Spacey Jane performing at Red Hill Auditorium (Photo credit: Mushroom Studios) 

And I think the fact we’ve managed to find, it will be 150 artists by the end of this, and we still don’t have enough slots for everyone we want to put in the show, is really a testament to the great talent that we’ve got in Australia.

VK: How do you define success for the program? TV audiences are so fragmented at the moment, so it’s obviously not just going to be overnight ratings. What makes you feel like the show’s done its job?

SH: There’s definitely a second phase to the profile of this show and that’s the shareability of the performances. The artists are sharing their own clips on their socials, and we saw some really incredible pick up last season with that. So… I think people really talking about the content and sharing it is a mark of success.

VK: And do you think there’s enough Australian music on TV at the moment?

SH: I think that’s our constant battle is there’s definitely not enough Australian music on TV and these opportunities. And it’s television and it’s also the other channels that come from that content on social media and online. The more the better. We’ve got such great talent, we need to find more channels to promote it.

VK: What was the greatest challenge of putting together this series of The Sound?

SH: I think the obvious challenge is that we don’t have Michael [Gudinski] with us, which has been incredibly difficult, and when we had sign-off for the series, the first thought we all had was how thrilled he would have been that it was coming back.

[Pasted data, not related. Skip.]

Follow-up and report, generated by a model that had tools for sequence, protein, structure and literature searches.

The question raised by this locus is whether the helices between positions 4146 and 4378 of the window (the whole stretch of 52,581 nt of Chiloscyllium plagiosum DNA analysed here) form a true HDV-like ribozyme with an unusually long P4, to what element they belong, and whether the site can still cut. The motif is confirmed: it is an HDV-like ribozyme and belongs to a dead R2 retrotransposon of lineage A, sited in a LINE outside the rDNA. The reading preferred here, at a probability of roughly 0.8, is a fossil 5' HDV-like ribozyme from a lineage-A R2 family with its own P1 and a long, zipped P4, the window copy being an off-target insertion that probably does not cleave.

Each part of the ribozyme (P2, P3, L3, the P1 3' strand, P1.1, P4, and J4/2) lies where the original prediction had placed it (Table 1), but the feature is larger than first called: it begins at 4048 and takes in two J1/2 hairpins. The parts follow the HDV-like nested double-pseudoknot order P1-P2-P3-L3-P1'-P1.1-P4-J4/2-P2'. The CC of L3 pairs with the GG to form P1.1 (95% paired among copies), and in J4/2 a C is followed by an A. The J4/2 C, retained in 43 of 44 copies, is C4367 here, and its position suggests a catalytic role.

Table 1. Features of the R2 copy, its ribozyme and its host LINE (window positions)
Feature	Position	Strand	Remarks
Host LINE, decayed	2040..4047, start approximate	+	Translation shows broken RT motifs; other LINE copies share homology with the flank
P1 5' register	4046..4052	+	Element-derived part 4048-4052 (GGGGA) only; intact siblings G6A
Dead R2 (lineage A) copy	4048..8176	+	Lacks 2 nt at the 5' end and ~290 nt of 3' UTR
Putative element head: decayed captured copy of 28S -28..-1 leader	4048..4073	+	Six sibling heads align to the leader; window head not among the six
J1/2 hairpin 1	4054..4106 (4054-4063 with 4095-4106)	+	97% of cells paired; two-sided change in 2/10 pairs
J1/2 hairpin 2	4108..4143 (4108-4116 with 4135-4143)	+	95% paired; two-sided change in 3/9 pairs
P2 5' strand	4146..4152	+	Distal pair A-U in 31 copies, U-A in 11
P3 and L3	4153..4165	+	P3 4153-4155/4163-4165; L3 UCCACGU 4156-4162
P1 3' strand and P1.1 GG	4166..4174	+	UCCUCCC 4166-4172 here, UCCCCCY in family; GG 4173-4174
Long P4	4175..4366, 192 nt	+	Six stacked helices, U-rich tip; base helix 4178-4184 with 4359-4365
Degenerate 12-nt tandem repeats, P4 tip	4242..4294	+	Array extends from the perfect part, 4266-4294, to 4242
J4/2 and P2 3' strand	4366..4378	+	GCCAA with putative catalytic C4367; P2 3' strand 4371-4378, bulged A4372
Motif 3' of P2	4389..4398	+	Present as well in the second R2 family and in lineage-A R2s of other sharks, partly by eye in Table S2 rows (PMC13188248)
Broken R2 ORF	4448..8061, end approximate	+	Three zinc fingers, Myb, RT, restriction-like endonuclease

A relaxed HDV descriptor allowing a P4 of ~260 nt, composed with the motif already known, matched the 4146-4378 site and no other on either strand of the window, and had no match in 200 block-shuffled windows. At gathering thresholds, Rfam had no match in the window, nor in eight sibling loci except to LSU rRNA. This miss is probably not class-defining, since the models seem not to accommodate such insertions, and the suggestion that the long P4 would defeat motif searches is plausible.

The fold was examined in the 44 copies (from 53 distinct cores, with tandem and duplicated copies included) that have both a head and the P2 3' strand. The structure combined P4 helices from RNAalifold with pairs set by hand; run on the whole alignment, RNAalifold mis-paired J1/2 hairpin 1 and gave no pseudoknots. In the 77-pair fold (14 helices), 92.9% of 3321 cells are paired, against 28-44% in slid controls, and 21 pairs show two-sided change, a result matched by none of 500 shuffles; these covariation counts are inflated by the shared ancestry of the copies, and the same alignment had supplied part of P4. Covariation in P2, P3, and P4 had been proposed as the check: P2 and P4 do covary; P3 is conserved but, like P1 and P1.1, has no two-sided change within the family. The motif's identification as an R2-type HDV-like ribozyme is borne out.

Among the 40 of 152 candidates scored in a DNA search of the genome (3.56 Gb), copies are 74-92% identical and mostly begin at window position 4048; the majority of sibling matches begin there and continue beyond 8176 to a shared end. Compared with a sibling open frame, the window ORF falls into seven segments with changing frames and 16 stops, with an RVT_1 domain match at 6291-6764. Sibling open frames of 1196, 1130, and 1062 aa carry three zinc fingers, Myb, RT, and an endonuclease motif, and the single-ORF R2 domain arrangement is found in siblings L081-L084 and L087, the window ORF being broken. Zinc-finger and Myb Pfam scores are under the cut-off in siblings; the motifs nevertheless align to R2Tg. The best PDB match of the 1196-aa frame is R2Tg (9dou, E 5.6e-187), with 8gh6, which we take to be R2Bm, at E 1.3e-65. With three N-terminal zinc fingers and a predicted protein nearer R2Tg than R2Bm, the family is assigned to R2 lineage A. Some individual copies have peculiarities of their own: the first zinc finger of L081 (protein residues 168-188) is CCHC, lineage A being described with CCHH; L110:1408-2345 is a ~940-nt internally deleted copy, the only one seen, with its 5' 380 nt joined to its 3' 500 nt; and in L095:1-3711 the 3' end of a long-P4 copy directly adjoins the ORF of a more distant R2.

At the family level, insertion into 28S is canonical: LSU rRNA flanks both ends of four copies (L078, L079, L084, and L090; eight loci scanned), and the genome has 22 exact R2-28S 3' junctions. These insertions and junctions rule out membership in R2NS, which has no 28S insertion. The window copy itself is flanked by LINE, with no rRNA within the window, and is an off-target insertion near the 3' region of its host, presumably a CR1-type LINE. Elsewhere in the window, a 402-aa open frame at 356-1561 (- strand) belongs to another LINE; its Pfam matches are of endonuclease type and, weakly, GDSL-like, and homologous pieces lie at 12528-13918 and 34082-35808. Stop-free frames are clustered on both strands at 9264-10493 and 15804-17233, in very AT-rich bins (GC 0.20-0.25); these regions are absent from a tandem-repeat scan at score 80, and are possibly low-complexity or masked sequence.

It was really his passion project of last year. And not having him behind it is definitely very different. He was very involved in all of the decisions. He sat in the editing room with the team until two in the morning. He called every single artist on Sunday night after the show went to air and he thanked them, and he was just really incredibly passionate about this. So not having that energy and that kind of momentum is definitely different.

But I will say we can plan a bit further ahead. He never really liked to, he didn’t like to look multiple weeks ahead. I think he thrived on the chaos a little bit. So I am feeling a bit more comfortable that we’re programming into weeks four, five and six already. So it gives us a bit more time to plan.

VK: I thrive on chaos too so I actually sympathise with that way of doing this, but I imagine it’s a bit less chaotic for you…

SH: The reality is no matter what, this show is going to be chaos. The ambitions are so grand, and as much as you try, it’s impossible to be locked into anything.

One of what I expect will be an incredible performance that goes to air this weekend, we shot yesterday morning at Sunrise at 5am and it will be on TV on Sunday night. So we’re still battling the same deadlines, maybe just not as many of them. I think last season we were trying to hustle to get five or six things done at the last minute, whereas maybe now we’ve got a lead time of a week or two, which feels like an eternity in the scheme of The Sound.

VK: And what’s been the most rewarding thing about getting this season together?

SH: We are proud that we can bring it back again, as I say, because it was such a special thing to Michael and such an important thing for the industry. And I think that it’s still an opportunity to celebrate Australian talent even when our world starts opening up again. I think that’s been one of the silver linings of the COVID pandemic has been the opportunity to just focus on local and really pay tribute to how much talent we have at home.